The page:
The correlation between increased legislative powers and decreased political engagement is a sign of resentment and apathy, and it is incredibly disappointing compared with the rest of the UK. The Welsh Government seem hellbent on the ideals of high tax and state expansion, when they have been failing in Wales for a quarter of a century.

Every week we sit on the green Benches for Prime Minister’s questions as Opposition Members shout, “You have been in charge 13 years; why haven’t you changed anything?” The Welsh Government have been in place for nearly 25 years, with nothing but downward spirals and declining services, but that is okay, they never shout about that. They are not here today, interestingly, to shout that the Senedd is not doing its job, but they are more than happy to yell across the Chamber at the UK Government.

The Welsh Government’s insistence on raising council tax by pulling those on lower incomes into higher council tax bands, and their decision to pursue a tourism tax, despite one in seven Welsh jobs relying on that sector, show why Wales is consistently failing on UK-wide priorities.

In education, the OECD and the PISA—programme for international student assessment—scores ranked Wales the lowest of all devolved members of the Union in every educational standards category between 2006 and 2018. Running with the same theme, our economic data make for challenging reading. Wales is unique with around 20% of the workforce relying on public-sector employment. That alone is not necessarily a bad thing, but considering that the private sector is equally reliant on Government, it is a harsher picture.

Subsidies and grants mask Wales’s real economic value, and suppress competition, innovation and entrepreneurship. Our micromanaged economy is stifling any chance of increased investment in Wales, which is crucial to any self-reliant economy. The Welsh Government’s inaction in tackling business rates continues to devastate the Welsh high street, where shop after shop has been boarded up and abandoned. To add insult to injury, in 2021 the UK Government provided Wales with the largest annual funding settlement since devolution began, but the mismatch between revenue and properly directed public spending remains a heavily unbalanced picture.

Indeed, only yesterday we found out that the Welsh Government, at a time when there are problems all over Wales with creaking public services, in the middle of covid had to give £155 million back to the Treasury, because they did not spend it in the correct financial year. They sat on £155 million in the middle of the pandemic, when that could—and should—have been used for improving our hospitals and our response to covid, along with other crucial infrastructure. That money was squandered by the Welsh Government. Devolution is failing the Welsh economy. A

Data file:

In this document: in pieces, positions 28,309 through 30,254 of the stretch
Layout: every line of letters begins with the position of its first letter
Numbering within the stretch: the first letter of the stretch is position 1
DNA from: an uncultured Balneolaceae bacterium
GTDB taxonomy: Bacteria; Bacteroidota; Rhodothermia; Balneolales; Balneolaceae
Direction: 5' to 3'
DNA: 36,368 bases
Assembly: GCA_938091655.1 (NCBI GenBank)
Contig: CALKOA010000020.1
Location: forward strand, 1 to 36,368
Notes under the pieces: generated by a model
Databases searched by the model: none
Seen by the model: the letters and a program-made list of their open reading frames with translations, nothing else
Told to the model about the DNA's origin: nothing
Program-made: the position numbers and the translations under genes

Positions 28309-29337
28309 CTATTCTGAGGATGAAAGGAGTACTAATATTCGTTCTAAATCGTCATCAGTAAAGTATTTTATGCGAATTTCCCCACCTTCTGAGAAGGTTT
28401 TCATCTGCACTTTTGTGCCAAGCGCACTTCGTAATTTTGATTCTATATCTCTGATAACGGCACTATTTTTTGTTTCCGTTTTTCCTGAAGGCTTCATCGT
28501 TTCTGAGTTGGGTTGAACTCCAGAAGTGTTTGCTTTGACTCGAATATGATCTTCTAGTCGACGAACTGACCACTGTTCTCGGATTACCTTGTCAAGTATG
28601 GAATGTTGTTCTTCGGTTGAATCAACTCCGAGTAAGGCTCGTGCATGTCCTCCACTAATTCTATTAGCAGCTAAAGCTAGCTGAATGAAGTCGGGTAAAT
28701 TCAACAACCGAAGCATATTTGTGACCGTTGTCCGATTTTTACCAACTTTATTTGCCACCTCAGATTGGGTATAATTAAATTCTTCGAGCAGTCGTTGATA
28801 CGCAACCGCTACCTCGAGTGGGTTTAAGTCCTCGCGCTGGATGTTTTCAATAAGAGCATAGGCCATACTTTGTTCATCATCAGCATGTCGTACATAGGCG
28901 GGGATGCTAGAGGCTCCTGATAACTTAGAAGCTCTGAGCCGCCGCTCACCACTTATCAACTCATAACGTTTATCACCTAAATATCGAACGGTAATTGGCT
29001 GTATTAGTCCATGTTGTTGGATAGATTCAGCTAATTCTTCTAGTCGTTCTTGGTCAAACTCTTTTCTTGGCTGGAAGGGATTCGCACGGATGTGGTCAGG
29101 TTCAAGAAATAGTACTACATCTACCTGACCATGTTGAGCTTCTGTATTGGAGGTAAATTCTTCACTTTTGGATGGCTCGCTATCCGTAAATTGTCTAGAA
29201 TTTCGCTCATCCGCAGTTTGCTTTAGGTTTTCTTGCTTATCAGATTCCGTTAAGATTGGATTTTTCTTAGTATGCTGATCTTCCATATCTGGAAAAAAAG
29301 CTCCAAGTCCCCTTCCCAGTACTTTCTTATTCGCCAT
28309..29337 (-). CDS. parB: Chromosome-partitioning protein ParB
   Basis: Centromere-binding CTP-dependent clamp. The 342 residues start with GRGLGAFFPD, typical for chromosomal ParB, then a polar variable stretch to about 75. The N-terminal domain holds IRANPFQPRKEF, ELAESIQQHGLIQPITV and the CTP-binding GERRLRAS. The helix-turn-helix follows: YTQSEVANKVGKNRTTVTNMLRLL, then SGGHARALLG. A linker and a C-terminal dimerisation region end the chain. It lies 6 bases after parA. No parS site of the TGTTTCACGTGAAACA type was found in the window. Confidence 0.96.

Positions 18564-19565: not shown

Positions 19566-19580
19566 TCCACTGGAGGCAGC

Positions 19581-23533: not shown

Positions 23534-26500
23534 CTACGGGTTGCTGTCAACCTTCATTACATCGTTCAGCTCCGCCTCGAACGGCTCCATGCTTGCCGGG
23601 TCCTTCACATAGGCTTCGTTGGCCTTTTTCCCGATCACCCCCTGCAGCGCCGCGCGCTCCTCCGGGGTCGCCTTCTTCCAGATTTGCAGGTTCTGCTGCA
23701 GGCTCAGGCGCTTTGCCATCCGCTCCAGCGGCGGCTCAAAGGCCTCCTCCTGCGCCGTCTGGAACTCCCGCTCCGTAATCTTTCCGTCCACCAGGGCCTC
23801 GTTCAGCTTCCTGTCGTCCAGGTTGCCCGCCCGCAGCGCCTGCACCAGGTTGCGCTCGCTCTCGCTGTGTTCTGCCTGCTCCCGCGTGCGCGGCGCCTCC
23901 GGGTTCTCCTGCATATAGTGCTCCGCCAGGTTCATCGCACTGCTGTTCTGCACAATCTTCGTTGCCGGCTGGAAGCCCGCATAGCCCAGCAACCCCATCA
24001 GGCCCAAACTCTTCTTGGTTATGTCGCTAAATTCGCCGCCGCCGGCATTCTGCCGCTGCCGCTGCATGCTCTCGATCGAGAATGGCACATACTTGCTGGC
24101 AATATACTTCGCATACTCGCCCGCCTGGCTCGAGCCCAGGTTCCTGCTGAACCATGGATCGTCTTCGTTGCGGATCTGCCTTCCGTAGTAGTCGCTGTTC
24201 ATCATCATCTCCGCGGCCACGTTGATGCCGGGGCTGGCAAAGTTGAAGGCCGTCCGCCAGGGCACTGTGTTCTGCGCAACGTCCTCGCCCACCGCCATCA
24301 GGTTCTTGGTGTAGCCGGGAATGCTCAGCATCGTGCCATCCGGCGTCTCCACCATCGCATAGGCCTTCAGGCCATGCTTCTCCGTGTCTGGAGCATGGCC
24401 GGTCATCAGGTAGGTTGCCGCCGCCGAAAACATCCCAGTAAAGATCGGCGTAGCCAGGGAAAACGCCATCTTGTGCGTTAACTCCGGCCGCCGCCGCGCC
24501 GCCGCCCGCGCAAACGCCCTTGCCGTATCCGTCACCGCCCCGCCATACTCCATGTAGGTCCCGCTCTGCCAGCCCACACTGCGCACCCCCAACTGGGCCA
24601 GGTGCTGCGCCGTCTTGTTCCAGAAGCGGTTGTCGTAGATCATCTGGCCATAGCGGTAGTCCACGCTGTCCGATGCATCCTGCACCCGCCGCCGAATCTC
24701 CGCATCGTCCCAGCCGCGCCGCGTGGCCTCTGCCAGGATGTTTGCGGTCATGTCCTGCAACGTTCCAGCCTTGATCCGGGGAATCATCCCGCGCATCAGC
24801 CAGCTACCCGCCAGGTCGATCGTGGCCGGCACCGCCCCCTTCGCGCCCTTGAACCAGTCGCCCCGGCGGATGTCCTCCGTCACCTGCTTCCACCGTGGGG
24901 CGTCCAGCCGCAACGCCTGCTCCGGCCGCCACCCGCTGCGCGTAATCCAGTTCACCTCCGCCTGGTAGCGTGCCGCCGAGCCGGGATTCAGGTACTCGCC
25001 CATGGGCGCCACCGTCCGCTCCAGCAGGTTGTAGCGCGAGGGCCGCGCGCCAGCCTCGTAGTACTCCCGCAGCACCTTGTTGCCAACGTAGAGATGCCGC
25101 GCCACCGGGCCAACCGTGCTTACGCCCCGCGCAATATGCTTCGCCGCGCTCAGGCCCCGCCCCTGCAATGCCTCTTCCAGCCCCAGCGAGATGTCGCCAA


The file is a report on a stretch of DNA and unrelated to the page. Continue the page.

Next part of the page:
“blueprint for what Labour could do across the UK,”

the Leader of the Opposition said. I do hope not.

Another sad but prime example of the Welsh Government’s recklessness with money is the purchase of Cardiff airport for £52 million in 2013. In March 2021, it was announced that the airport was being given another £42 million of taxpayers’ cash, while the £42.6 million that it already owed in debt to the Welsh Government was being written off altogether. That was a total spend of almost £100 million in nearly a decade for an airport that is said to be now worth £15 million, less than a third of what the Welsh Government paid for it 10 years ago.

We continue to be told that it will be used to connect Wales with the rest of the world. I have not found a single record of any current Welsh Government Minister having used it for foreign visits. It has cost the Welsh economy millions by failing to keep scheduled flights to Qatar in the middle east. An estimated £200 million of good taxpayer money has been completely and utterly wasted. It would have repaired almost the entire health board estate in north Wales.

As I have touched on the subject of the coronavirus pandemic, it is worth mentioning the abject failure of the Welsh Government, their handling of the pandemic and their outright refusal—inexplicably—to have a covid inquiry on the matter, safe in the knowledge that any UK-wide inquiry will secure media scrutiny only of the actions of the UK Government, and the decisions taken by Labour in Wales mean they will escape scot-free, so they need to answer almost nothing, despite repeatedly saying that every decision was specific and unique to Wales.

The exercise of a range of emergency powers that curtailed the liberty and closed the economy of Wales and its people was bad enough, but for the Welsh Government then to avoid accountability at all costs through an inquiry that focuses on how decisions were made has never been and will never be a tenable position. Under Labour, the fact is that Wales experienced the highest covid death rate per capita of all UK nations, despite a population density significantly lower than other parts, and economically cruel and unnecessary restrictions were imposed. Those measures must be properly scrutinised in an independent inquiry.